Directed by Kevin Rodney Sullivan
Written by David Himmelstein
The Negro Leagues always seems to be somewhat forgotten by mainstream history. When people speak of the greatest players to ever play the game, the conversation often revolves around the greatest in the Major Leagues: Lou Gehrig, Babe Ruth, Ty Cobb, etc. But when it comes to that era, it is always nice to see the Negro League stars such as Josh Gibson, Satchel Paige, Cool Papa Bell, etc. get some publicity. With Bingo Long, earlier in this marathon, we got a look into the Negro League scene of entertainment, showboating, and great play, but while that film was a fictionalization of the Satchel Paige, Josh Gibson, Jackie Robinson story, this HBO movie, Soul of the Game, is a more literal interpretation of one of more important moments in American history, as Robinson broke the color line in Major League Baseball, a feat which was much more impactful than simply on the field of play.
The film picks up right about where you might expect, as Jackie Robinson (Blair Underwood) is joining the Kansas City Monarchs, who have long been ruled by their king, Satchel Paige (Delroy Lindo), the dazzling and seemingly timeless pitcher whose greatness would have certainly placed him among the best in baseball had it not been for the color line. Paige and his longtime friend and slugging catcher Josh Gibson (Mykelti Williamson) have dominated the Negro Leagues for years. With Branch Rickey (Edward Herrmann), the General Manager of the Brooklyn Dodgers, announcing he would be scouting the Negro Leagues for a new team, the Brooklyn Brown Dodgers, Paige and company begin to catch on to Rickey’s true motivations, to break the color line in MLB. Soon they are all chasing the honor of being the first black player in the Major Leagues.
The tone of the film seems to mirror the style of play of these great ballplayers. In this sense, the film somewhat moseys along at a rather relaxed pace, with no urgency to get us to important high watermarks in any of the three main characters history. That is not to say it doesn’t present us with the drama and important moments in the story, or that the Negro League game did not take itself seriously in trying to win or play at an extremely high level, quite the opposite. What Paige, Gibson and Robinson teach us is that the game is meant to be fun, and it’s meant to entertain the crowd who gathers to watch. With this particular story, it becomes more than that, as it reflects a societal change and important moment in US history, but Soul of the Game also allows the viewer to soak in the more entertaining moments of the game by meandering around every now and then.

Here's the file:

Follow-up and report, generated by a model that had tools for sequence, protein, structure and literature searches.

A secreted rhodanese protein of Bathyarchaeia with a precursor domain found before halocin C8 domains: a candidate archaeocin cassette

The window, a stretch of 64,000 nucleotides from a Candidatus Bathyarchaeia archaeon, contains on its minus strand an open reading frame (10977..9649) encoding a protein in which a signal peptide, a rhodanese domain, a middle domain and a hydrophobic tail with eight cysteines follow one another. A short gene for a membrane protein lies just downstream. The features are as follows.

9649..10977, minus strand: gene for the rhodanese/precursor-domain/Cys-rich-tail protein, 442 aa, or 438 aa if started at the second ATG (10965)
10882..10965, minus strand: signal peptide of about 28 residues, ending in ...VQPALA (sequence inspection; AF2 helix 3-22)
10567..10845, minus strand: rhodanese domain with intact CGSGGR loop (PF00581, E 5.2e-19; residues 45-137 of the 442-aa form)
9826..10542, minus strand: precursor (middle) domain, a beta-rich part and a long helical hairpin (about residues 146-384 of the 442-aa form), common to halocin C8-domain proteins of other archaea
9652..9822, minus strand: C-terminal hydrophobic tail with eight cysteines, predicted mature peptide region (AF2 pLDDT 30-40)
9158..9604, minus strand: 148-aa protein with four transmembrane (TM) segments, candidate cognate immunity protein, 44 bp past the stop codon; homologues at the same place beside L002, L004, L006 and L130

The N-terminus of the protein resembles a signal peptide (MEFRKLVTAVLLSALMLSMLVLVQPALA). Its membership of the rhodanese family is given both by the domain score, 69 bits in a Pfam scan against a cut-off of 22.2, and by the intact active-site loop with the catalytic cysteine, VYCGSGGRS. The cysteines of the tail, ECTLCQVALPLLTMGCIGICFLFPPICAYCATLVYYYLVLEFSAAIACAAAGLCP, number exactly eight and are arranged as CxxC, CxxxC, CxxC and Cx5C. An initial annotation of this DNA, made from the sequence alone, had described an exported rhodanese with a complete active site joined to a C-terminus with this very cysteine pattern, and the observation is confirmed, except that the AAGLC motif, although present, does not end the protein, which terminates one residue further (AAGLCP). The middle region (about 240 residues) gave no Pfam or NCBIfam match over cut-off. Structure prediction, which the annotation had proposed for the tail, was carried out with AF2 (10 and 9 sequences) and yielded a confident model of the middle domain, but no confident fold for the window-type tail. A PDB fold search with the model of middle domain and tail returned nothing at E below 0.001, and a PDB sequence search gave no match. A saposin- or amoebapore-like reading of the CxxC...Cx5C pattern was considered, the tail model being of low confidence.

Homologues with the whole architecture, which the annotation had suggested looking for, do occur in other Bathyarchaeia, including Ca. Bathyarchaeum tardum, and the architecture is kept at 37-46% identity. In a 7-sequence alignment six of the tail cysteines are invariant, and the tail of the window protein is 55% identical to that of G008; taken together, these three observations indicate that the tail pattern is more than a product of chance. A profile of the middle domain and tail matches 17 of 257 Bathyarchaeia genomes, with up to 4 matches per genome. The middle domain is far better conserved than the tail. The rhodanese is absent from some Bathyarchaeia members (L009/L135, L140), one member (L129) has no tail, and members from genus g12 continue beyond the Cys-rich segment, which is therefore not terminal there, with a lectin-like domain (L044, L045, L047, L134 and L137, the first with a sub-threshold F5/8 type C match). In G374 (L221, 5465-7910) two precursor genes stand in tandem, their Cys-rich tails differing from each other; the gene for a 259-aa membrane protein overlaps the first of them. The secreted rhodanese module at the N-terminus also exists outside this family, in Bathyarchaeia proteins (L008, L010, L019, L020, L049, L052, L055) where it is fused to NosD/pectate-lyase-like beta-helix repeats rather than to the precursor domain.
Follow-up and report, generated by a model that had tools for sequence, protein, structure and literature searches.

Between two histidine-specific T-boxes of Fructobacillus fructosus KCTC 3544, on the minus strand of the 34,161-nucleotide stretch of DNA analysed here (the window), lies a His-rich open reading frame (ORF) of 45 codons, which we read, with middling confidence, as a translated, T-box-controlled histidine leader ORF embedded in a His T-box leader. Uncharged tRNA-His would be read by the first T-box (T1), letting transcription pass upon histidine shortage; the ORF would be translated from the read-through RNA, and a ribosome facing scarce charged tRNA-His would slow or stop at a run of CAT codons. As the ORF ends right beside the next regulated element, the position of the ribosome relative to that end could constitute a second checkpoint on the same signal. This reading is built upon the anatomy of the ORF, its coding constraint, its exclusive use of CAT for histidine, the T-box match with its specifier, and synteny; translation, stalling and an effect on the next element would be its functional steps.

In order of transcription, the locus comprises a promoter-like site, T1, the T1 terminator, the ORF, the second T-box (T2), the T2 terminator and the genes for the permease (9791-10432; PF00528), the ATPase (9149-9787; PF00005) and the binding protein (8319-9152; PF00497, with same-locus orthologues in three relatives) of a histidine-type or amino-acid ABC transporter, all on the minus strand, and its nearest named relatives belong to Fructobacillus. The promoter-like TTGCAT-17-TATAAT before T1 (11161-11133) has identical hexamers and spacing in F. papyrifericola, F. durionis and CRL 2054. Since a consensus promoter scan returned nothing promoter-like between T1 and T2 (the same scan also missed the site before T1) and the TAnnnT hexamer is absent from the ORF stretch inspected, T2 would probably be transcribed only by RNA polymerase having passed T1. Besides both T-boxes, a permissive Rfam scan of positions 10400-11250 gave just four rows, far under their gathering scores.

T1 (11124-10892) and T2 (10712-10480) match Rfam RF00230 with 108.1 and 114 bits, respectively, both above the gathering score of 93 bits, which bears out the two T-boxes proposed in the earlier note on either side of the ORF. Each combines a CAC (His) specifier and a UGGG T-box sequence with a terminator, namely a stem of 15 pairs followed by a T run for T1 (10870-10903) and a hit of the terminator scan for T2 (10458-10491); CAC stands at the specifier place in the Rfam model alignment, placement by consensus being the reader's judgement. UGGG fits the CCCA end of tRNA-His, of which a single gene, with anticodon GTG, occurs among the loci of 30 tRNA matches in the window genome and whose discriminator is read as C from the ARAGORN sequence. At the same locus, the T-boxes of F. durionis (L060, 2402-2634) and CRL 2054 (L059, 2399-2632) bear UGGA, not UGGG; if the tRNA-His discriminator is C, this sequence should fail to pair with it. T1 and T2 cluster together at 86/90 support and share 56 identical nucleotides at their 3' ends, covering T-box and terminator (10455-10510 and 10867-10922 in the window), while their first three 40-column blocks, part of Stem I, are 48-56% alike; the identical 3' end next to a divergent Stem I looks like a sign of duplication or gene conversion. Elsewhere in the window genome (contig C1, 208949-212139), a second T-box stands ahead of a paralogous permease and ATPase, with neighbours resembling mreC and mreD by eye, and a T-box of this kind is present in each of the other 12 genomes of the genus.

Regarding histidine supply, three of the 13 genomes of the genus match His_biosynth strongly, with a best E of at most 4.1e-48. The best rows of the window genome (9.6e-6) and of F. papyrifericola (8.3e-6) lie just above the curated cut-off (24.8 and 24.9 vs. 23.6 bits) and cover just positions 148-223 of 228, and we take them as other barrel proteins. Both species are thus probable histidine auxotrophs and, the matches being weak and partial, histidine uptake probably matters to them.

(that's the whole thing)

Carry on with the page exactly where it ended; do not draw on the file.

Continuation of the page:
Ultimately all three players were deserving talents to break the color line, and the tragedy of the story is that integration came at a time that was too late for Paige’s prime, even though he eventually did have success in the Major’s, his best years were lost to the Negro Leagues. And it came in too unstable social conditions for the mentally disabled Gibson to be able to handle the scorn and pressure that would have been placed on him. But by the grace of Robinson and Rickey, Jackie paved the way for countless others who were equally deserving of a shot at the dream. Soul of the Game, therefore, tells a very important story of baseball history, and does so in a very entertaining and competent way, giving thanks to these men and faithfully portraying their legend and stories.
The cast is superb throughout, led by the always capable Delroy Lindo as Paige. Lindo I have always felt was underrated as an actor. But Edward Herrmann, Blair Underwood and Mykelti Williamson all carry their weight here as well, making for a very capable ensemble. I cannot claim to really have any gripes about the film, but if I could say one thing it would be that I would love to explore the stories of the Negro Leagues a little deeper than the conventional Jackie Robinson story we typically get when delving into that world. There were so many legends of the game among the ranks of the Negro Leagues that is seems criminal to focus only on these three when talking about the Leagues history. I understand and appreciate their importance, but if I were to make the next Negro League movie, I would settle into the league more fully, and spend time with Oscar Charleston, Pop Lloyd, Buck Leonard, Cool Papa Bell, Roy Campanella and many others.